A difficult choice for French liberals

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Rightwing bloggers Andy Mayer and Tom Papworth have been picking fights with their own party, accusing large numbers of us of being guilty by association of being unreconstructed socialists. Andy cites the fact that UDF supporters were split 50/50 in the Sarko/Sego playoff, while even more incredibly Tom bases his argument on an online poll of 40 visitors to his blog in which 53% supported Sego.

Personally, I have no idea how I would have voted, but the idea that this is simply a left/right divide is completely flawed. Simplistically, the French were given the choice between a rightwing leader of a centrist party and a centrist leader of a leftwing party. Policy-wise, and leaving immigration to one side, I am probably closer to Sarkozy than Royal. However, it was a presidential election not a parliamentary one, so personality counts for a lot.

A vote for Sarkozy was a vote for a politician who makes David Blunkett look tactful and libertarian. I remain doubtful about his ability to operate on the world stage or even domestically without causing far more heat than light, a point on which Iain Dale of all people appears to agree. Segolene Royal had a point when she suggested that a vote for him could provoke riots.

Is Sarkozy capable of creating a consensus about the need to reform, or will his combative personality result in deadlock? That is what the French ultimately had to decide yesterday. The Papworth-Mayer slur rests on the calculation that anyone who voted for Royal was simply in favour of the status quo. For that to be true, France would have to have an elective dictatorship. In point of fact, the French President has less power than its US counterpart.

If you think that France wakes up to a bright new morning with reforming zeal in its heart, you are about to be sorely disappointed.

(Speaking of Lib Dem bloggers picking fights, anyone understand why Jeremy Hargreaves is making wild allegations of a Huhnista-putsch going on inside the party, his only evidence being a few critical comments about Ming by someone who supported Simon Hughes in the leadership election? Colour me confused)

10 thoughts on “A difficult choice for French liberals

  1. James I really object to your continuing here to claim that I’m trying to start a row where one doesn’t exist. I most absolutely definitely did not intend to “allege a Huhnista-putsch”. I obviously did manage to give an impression to some people that I was saying there was a ‘Huhne camp’ – re-reading my original post over again I still can’t see how that’s in there, but obviously others, not just you, think it is, and so I accept that. But I have made it very clear that that was not at all what I was trying to say and I don’t for a moment think it is true. This is now the second time I have very explicitly clarified that I was not “making wild allegations of a Huhnista-putsch”, compared to one much less clear statement which you think implies such a claim – I’m not quite sure what much more I can do to try and make this clear!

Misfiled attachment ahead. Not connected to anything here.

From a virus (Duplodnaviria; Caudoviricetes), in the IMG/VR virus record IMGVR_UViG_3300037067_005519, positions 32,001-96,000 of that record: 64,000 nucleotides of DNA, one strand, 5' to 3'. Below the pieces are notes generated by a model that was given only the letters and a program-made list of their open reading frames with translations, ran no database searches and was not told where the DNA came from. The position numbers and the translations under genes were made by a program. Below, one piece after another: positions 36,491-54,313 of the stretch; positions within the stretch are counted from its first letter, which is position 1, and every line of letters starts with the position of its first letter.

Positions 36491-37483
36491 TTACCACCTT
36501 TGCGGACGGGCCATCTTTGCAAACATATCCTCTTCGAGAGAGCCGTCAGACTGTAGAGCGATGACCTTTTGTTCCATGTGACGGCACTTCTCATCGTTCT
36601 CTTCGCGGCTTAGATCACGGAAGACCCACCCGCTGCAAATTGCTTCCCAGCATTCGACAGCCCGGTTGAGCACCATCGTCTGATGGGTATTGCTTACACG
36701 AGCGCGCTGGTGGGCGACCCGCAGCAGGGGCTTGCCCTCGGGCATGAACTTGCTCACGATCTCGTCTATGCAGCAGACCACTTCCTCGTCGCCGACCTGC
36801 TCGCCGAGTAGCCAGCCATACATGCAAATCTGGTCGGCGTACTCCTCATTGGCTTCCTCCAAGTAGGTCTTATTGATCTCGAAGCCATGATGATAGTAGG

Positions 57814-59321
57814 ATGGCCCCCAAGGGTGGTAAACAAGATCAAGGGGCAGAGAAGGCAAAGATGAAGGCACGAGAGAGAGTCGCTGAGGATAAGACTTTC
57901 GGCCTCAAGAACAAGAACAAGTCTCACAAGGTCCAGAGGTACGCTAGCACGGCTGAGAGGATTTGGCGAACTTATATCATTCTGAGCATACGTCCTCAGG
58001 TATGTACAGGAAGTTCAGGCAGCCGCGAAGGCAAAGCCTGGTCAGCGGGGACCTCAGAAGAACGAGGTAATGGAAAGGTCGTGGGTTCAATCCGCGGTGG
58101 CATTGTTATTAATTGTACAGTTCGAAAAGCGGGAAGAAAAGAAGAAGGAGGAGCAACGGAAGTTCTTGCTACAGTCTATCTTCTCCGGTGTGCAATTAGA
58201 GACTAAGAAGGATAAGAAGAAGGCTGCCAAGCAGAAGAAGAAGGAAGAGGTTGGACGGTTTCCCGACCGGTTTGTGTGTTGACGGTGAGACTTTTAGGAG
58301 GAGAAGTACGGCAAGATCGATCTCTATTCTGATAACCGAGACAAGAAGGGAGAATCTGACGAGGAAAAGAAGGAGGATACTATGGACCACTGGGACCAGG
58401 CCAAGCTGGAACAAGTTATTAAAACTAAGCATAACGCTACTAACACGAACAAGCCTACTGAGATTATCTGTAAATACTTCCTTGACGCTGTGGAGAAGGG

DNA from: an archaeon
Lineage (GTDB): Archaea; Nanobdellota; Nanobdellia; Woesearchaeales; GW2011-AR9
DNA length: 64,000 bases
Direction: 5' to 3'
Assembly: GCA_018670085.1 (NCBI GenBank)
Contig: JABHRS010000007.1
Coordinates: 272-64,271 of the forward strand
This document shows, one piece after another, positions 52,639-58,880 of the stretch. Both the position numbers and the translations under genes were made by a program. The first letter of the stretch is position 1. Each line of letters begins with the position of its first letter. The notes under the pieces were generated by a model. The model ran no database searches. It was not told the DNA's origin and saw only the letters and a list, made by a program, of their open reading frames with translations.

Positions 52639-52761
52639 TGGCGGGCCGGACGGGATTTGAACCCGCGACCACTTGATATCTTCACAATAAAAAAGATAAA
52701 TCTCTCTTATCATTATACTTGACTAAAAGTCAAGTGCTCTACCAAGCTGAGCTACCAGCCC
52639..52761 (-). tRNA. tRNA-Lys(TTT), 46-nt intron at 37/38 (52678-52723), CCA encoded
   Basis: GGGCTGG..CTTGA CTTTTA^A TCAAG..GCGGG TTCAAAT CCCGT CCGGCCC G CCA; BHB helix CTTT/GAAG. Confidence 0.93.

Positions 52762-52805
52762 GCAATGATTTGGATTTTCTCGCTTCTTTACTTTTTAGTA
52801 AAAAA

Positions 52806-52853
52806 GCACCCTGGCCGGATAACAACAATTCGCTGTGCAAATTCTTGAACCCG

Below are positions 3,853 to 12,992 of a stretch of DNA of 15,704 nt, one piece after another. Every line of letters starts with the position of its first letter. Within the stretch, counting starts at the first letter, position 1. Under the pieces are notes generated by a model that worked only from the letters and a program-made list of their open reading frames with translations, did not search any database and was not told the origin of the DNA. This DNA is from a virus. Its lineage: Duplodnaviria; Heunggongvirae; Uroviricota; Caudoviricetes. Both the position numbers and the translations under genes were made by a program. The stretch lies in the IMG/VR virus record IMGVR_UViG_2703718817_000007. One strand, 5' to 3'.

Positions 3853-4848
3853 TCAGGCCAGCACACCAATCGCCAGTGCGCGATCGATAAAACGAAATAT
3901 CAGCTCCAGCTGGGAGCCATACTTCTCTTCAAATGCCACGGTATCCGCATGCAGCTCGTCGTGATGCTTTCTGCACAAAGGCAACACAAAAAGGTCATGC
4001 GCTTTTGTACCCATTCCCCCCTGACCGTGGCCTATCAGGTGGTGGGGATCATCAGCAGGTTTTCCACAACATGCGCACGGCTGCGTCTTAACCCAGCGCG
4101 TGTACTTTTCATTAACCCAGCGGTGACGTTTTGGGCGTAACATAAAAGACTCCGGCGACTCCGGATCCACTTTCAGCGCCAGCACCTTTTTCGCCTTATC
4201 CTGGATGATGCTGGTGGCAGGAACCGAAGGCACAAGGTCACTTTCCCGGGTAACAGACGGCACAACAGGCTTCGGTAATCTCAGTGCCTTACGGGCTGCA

I was simply trying to make the point that if the leadership election which some are calling for were to happen, the only obvious candidate in it would be Huhne (I guess there would be others too but he is the only very obvious one at the moment).

    If the Hughes supporter you’re referring to is Rob Fenwick then I confess I didn’t know he was a Hughes supporter – apologies if I should have known that but I’ve only really known anything about his views since he started Lib Dem Voice, which was some six months or so after the leadership election. If my assumption that he was a Huhne voter last year was wrong, then that was a factual error that I apologise for.

    I know conspiracy theories are lots of fun, but could I ask you and others to consider the possibility that the answer to your question in your last paragraph above is that I simply said something which was interpreted in a way I hadn’t anticipated (and have repeatedly subsequently denied), rather than that I was deliberately and incomprehensibly launching an attack on a senior MP whom I admire, get on well with, and having absolutely nothing against?

  2. I think the symbolism is important though – voting for Royal would be taken as support for socialist policies (she’s backtracked from her more centrist position).

    As for the talk of a Huhnista-pustch, there are some who are talking up Clegg, but that’s mostly in the anti-LibDem world (I’m becoming rather flattered by the way the likes of Iain Dale are always attacking the LibDems – obviously we’re a threat 😉 )

  3. Jeremy, I’ll quote your exact words: